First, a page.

If this was a first novel by a literary unknown it would have been lucky to make it into print. What makes In America an object of interest is less its page-turning readability than its significance as the latest move in Susan Sontag's brilliant career … In America is lush, multi-voiced, woman-centred and densely historical. It is also, if one looks for glimpses and hints, one of the more personal of Sontag's many books … There are huge difficulties in coming to terms with In America. Few readers outside the Polish émigré community will know where it is coming from...for those readers who are serious about In America (and I suspect the author would want no others), some preliminary study of Modjeska's 1910 autobiography, Memories and Impressions, is mandatory.
In America, inspired by the life of Polish actress Helena Modrzejewska (who went by Modjeska in America), is packed with details about trans-Atlantic and trans-American travel, and about post-Civil War America. We walk the streets of New York City teeming with immigrants, hear the narrowness and rare generosity of Americans, see the marvels of modernity at the Centennial Exposition in Philadelphia, and visit the California that once was … Like most experimental novels, In America is also about the act of novel writing, and the book itself tells us how to read it. Susan Sontag's intellect won't allow her dishonesty here, and much of what we're told is disheartening to readers looking for a story … Readers who make it through the fast-forward summary (apparently, alas, a catalog of leftover research) of Chapter 8 to the last chapter won't find a resolution of Maryna's story or of the many questions the text poses.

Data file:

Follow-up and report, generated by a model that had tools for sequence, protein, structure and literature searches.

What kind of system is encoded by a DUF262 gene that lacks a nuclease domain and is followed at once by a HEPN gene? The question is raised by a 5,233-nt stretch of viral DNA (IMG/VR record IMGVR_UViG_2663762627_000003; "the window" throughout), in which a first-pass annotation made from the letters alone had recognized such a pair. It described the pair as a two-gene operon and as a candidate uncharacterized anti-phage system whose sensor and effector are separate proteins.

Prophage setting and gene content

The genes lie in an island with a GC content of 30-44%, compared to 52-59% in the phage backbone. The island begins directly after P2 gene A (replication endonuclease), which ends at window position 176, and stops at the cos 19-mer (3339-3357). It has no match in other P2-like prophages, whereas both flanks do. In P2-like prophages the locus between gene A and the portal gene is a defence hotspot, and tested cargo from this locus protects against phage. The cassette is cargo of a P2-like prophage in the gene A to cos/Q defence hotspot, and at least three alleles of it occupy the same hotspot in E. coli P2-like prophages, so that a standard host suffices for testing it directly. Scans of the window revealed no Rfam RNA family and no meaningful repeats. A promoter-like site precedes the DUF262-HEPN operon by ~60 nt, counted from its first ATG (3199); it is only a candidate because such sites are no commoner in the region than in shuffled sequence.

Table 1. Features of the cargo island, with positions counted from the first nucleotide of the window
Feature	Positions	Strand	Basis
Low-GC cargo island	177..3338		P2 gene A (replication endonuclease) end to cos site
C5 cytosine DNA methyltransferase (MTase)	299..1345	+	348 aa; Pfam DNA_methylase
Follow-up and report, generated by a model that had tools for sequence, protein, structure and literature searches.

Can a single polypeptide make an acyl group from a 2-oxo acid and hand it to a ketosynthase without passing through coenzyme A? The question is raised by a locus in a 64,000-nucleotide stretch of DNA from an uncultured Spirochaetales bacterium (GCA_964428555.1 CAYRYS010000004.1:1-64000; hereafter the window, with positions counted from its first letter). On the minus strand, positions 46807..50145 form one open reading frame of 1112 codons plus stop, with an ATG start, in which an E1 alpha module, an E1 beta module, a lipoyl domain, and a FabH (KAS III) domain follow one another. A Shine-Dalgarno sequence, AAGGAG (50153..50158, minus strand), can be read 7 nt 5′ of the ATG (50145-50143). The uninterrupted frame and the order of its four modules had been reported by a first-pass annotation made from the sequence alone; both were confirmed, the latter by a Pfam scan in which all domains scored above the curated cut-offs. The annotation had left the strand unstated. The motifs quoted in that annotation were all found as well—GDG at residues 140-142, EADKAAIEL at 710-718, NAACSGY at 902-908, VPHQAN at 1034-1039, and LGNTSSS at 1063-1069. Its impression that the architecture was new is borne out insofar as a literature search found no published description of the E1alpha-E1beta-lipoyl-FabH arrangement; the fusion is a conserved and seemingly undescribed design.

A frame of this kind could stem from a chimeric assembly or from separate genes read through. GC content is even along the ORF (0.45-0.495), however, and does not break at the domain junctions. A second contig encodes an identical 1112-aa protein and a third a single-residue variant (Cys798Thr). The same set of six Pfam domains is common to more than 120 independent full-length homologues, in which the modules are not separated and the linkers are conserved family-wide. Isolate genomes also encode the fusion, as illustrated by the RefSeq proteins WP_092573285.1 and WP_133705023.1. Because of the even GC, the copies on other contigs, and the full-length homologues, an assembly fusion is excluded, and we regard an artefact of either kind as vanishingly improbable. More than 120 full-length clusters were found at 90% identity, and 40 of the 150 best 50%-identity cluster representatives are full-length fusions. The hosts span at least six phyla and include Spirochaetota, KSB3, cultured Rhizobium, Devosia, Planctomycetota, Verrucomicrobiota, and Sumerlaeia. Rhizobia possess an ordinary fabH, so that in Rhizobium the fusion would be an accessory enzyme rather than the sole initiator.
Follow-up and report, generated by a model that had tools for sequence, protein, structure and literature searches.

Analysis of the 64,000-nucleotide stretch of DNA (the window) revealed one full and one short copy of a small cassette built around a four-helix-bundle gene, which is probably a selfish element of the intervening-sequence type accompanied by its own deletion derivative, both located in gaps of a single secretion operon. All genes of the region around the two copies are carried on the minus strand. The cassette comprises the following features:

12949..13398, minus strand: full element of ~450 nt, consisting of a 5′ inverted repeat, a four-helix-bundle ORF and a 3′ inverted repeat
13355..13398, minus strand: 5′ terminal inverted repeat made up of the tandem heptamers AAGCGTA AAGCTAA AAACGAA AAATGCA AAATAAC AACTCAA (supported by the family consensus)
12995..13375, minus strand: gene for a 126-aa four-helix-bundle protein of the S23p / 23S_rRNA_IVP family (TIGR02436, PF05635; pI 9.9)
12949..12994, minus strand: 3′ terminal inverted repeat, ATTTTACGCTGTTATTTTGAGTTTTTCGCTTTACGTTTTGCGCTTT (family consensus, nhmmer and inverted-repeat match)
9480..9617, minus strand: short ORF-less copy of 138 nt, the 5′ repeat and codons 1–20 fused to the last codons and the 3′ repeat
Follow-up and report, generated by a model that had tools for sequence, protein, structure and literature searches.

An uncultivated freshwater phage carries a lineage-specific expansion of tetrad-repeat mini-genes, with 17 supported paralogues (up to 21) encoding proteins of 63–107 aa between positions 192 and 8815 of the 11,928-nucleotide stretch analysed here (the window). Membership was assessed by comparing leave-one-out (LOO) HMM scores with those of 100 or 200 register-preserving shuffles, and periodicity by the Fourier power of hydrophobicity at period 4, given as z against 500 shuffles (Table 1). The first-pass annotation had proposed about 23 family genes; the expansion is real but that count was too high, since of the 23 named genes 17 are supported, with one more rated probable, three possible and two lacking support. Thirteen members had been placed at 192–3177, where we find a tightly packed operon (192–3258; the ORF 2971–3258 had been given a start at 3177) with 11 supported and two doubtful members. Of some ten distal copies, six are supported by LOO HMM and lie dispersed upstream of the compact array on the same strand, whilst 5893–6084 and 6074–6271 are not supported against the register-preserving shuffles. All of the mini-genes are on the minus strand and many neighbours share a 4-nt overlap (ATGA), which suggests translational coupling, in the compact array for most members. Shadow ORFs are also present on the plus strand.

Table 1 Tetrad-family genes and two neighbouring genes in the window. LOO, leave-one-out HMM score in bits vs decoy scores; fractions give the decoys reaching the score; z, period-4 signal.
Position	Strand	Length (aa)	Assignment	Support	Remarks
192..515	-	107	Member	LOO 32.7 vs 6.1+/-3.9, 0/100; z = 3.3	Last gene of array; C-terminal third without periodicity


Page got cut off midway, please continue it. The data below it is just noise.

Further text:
In America bears a strong family resemblance to The Volcano Lover – and again sadly falls short … If Ms. Sontag’s idea was to evoke the anomie and alienation of the expatriate by letting the narrative wander, listless and flat, she succeeded … In America will be prized for its brains, not its sex appeal (Maryna, hesitating on the brink of adultery, talks of ‘the emperor, mind’). Just as The Volcano Lover doubled as a treatise on collecting, the new novel teems with opinion on two great topics: America and acting.
Sontag crafts a novel of ideas in which real figures from the past enact their lives against an assiduously researched, almost cinematically vivid background … Exemplary at imagining an actor's needs, impulses and sources of inspiration, Sontag also conveys the theatrical world of the time (East Lynne was the most popular play; Sarah Bernhardt reigned in Paris) almost palpably. There are few dramatic peaks and valleys in Maryna's story, but the historical backdrop – with pithy and evocative descriptions of American cities at the turn of the last century, cameo portraits of salty frontier types, and snippets of Western lore – supplies the vigor.